While “Zombieland” (2009) was a dark comedy that played like a comic book brought to the big screen, “Stake Land” (2010) is a straight, serious horror-thriller. In one post-apocalyptic world, America is overtaken by flesh-eating zombies; in the other, it’s bloodthirsty vampires. But you know what? The vampires in “Stake Land” look like zombies to me. Put it this way: Nobody here remotely resembles Edward from “Twilight.” Their faces are all in various states of decay. But if you can live with a different looking vampire threat, “Stake Land” is an above-average horror-thriller that gives us the same kind of engaging non-monster characters as we saw in “Zombieland.”
Like “Zombieland,” “Stake Land” is a road-trip survival movie with an expert monster killer (in this case, Nick Damici as “Mister”) and a protégé (Connor Paolo) he teams up with along the way. And as in “Zombieland,” they meet various characters that they become attached to, all the while trying to get to a destination they think will be free of zombies. I mean vampires. In a way, it’s like a Milton Bradley board game brought to cinema, and that thought struck me as Mister unfolded a map that he was re-mapping by writing which zones are “vamp” and which are “Brotherhood.” The latter—religious nut-jobs who think that the vamp plague was brought on by the nation’s sinfulness—is the one major addition to this film by Jim Mickle (“Mulberry Street”) that we didn’t see in “Zombieland.” Skin-head vigilante religious extremists. How extreme are they? Uh, they feed non-Brotherhood folks to the vampires, and they drop vampires from helicopters to spoil a town shindig.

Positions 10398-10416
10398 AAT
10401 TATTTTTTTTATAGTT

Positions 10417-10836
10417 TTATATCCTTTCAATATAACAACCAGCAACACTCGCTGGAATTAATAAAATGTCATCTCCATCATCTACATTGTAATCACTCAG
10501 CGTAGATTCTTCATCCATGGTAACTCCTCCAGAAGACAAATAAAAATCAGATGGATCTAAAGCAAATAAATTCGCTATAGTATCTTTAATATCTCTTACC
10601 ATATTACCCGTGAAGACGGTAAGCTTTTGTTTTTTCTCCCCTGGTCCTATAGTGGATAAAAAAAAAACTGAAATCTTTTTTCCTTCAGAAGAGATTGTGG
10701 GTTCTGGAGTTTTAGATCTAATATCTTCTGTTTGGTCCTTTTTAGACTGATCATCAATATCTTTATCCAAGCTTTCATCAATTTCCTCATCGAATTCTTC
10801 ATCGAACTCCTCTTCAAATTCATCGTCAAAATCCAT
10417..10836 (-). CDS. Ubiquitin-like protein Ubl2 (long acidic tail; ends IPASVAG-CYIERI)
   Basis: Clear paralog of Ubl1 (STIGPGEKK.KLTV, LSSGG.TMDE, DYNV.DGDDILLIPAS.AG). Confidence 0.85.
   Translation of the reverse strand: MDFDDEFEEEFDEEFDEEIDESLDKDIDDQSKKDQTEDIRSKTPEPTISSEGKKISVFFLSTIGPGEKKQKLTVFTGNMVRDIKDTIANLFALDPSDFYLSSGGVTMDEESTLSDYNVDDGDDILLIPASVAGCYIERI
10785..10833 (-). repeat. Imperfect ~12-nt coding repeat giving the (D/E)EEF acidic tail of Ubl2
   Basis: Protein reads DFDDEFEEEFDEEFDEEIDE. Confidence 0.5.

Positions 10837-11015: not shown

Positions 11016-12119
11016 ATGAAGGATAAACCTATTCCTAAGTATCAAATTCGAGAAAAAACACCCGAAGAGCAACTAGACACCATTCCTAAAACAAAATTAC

The horror genre is rife with bad acting and mindless scripts, so it’s a nice surprise to get a decent screenplay from Nick Damici and Jim Mickle that gives the actors room to inhabit their characters before they have to fight the zombies. I mean vampires. It’s not just mindless action or horror, as the ending reinforces.
But if “Zombieland” hadn’t preceded it, I would have liked “Stake Land” even more than I did. The narrative structure was so familiar that any sense of freshness came from what the actors brought to the table, as well as from the screenwriters’ and director’s juggling of gruesome action with character-driven scenes. Damici goes Eastwood on the vampires, with his Mister a variation of the Western hero with a code, another man with no name. Connor Paolo (“Mystic River,” “World Trade Center”) is a nice foil to Damici’s chain-smoking, stake-sharpening vampire killer who moves from town to town and trades evidence of his kills as if they were scalps. As Martin, Paolo is both an eager apprentice and a still shell-shocked boy who’s had to grow up, with all the other children in this post-apocalyptic nightmare, way sooner than he would have if the zombies hadn’t taken over the planet. Newspapers are the only way we understand that this pandemic is as widespread as it is, but the film doesn’t suffer for it.